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‘Major construction’ complete on Eglinton Crosstown but software and quality assurance issues outstanding: Metrolinx

Metrolinx CEO Phil Verster says “all of the major construction” is now complete on the much-delayed Eglington Crosstown LRT and work is proceeding “relentlessly” on the remaining parts of the project, but several key issues are still outstanding.

The project was slated to be complete in 2020 but its opening has been repeatedly pushed back.

At a news conference on Monday afternoon, Vester told reporters that “a lot of progress” has been made on critical system integration tests since the last media briefing on the Crosstown in December. While those tests were 15 per cent complete then, they are now 50 per cent complete.

Software issues, Verster said, are now the biggest obstacle to overcome before the line can open.

“What concerns me most is the software defects in the signalling and train control system and the rectification of those defects by CTS and Alstom,” Verster said. “They’re making good progress with it, but it’s not as fast as we would like it to be.”

He said as of last week, testing had begun on the sixth version of the software and the seventh version is scheduled to be complete in June.

“The signalling and train control system is really the nerve centre of moving trains punctually and on time, as well as safely, and so it’s really critical that that system works well,” he said.

Once the software system is stabilized, training will begin for 20 TTC staff, who will then train 90 operators.

Another major outstanding issue is obtaining construction certificates for the various parts of the project.

A construction certificate “actually certifies that the project has been designed right, built right, delivered right and tested right,” Verster said.

So far, Metrolinx has obtained just one of the 46 construction certificates that are needed to show that the project has been completed properly.

Verster said “a lot of effort” by all teams is going into obtaining the certificates.

He said work to obtain the 41 necessary occupancy certificates, on the other hand, is proceeding well, with 36 of those certificates now in place. He said a few “deficiencies” are still being worked on for the remaining ones, including Eglinton Station.   

Verster reiterated that Metrolinx will provide an opening date once he can be sure that the $12.5 billion line is within three months of opening.

The opening date for the much-delayed 19-kilometre Crosstown line has been pushed back multiple times, but Metrolinx stopped giving new target dates after missing the last announced target in the fall.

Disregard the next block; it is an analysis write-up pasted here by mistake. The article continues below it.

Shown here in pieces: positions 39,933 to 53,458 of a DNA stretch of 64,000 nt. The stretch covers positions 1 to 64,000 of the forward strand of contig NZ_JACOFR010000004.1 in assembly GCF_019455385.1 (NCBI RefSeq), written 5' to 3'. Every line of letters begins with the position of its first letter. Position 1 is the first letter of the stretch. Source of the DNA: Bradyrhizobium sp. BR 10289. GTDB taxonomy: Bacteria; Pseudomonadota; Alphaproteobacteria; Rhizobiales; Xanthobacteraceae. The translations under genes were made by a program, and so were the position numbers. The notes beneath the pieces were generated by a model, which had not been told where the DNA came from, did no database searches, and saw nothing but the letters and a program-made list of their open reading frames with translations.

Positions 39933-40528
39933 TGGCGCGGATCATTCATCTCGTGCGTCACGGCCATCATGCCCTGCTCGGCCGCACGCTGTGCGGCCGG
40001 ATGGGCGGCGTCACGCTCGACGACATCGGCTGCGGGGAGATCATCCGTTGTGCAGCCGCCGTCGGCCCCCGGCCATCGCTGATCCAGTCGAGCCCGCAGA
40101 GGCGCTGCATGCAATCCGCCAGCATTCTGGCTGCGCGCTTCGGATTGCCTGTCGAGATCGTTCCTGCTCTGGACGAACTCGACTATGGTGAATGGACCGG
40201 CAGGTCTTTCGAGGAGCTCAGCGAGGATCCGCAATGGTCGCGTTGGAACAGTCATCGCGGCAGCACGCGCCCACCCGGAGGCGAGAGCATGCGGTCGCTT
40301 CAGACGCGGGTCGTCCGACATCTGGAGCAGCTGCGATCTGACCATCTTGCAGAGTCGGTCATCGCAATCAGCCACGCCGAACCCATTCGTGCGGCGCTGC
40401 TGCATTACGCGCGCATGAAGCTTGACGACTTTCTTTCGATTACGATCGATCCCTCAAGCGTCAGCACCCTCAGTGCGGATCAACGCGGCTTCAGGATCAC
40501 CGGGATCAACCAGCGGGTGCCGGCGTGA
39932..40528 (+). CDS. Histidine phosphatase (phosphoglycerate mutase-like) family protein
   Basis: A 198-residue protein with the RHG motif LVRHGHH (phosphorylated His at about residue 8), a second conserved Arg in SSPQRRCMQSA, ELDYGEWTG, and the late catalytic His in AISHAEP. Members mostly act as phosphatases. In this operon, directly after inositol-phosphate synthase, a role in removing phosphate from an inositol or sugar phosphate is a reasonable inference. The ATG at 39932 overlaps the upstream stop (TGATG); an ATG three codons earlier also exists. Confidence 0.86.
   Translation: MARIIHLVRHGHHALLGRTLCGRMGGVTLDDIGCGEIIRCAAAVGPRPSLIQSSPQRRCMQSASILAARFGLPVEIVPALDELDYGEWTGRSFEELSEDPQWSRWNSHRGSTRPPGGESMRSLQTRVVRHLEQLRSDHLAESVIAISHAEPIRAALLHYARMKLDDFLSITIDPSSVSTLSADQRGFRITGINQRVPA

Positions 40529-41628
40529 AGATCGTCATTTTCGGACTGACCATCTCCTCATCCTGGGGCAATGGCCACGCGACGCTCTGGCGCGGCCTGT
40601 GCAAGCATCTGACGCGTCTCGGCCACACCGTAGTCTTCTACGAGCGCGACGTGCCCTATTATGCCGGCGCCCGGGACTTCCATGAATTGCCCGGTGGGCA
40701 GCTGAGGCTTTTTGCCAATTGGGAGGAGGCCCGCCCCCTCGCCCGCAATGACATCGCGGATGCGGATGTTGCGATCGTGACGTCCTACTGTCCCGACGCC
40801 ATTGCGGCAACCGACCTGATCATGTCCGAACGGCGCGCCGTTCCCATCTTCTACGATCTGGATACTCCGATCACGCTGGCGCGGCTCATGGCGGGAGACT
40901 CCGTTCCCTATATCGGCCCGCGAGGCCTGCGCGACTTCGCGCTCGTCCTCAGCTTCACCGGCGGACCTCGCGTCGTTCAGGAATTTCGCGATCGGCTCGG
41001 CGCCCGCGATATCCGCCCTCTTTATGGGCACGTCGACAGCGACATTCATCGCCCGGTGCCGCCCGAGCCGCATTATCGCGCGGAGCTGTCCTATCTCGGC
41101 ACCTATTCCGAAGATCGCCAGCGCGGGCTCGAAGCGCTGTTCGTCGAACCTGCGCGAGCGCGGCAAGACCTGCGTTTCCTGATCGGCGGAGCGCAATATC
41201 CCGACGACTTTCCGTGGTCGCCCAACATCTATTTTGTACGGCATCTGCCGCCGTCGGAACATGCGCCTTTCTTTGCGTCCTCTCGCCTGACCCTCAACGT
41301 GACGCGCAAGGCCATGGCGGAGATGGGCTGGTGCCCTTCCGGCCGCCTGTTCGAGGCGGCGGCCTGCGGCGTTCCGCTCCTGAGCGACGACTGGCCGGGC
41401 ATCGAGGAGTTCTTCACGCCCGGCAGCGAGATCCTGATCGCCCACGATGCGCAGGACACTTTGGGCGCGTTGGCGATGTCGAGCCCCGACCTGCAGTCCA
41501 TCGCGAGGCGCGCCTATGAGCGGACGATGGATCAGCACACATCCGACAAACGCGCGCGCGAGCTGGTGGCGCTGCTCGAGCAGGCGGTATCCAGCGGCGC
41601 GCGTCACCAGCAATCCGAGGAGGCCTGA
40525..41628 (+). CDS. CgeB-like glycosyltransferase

Procurement begins for Eglinton Crosstown West Extension

Ontario Transportation Minister Prabmeet Sarkaria announced at the same time Monday that the province is starting procurement for the station, rail and systems contract for the Eglinton Crosstown West Extension.

“This contract will cover the design and construction of all seven stations along the line, including architectural, structural, mechanical and electrical work, fitting of the tunnels and elevated guideway with track and signals, installing fare collection systems and much more,” Sarkaria said.

He said the contracts being awarded will also cover the modifications needed to Mount Dennis Station to connect the Eglinton Crosstown LRT to the extension.

Once complete, the 9.2 kilometre-project will run from the future Mount Dennis LRT station to Renforth Drive and will operate mainly underground, extending rapid transit into Etobicoke and Mississauga.

“Our government knows transit keeps people moving and is a key driver of economic growth, connecting people not only to jobs, but also to friends and family, medical appointments, school and so much more,” Sarkaria said. “And as we build Ontario for the future, we’re using every lever at our disposal to get priority transfer projects as quickly as possible. As Toronto’s population continues to grow, we cannot afford not to continue to invest in critical infrastructure that the future generations will rely on.”

Asked how people can believe that the extension will proceed as planned when the Crosstown has been plagued with so many delays and problems, Sarkaria said “we’ve learned from previous projects” and pointed to various other projects currently underway, such as the Ontario Line.

He said the province has also adopted “new measures in how we procure these projects.”

Once complete, the Eglinton West extension will connect with other regional transit operators, including UP Express, GO Transit, TTC, and MiWay bus services, and will handle an estimated 69,700 rides per day.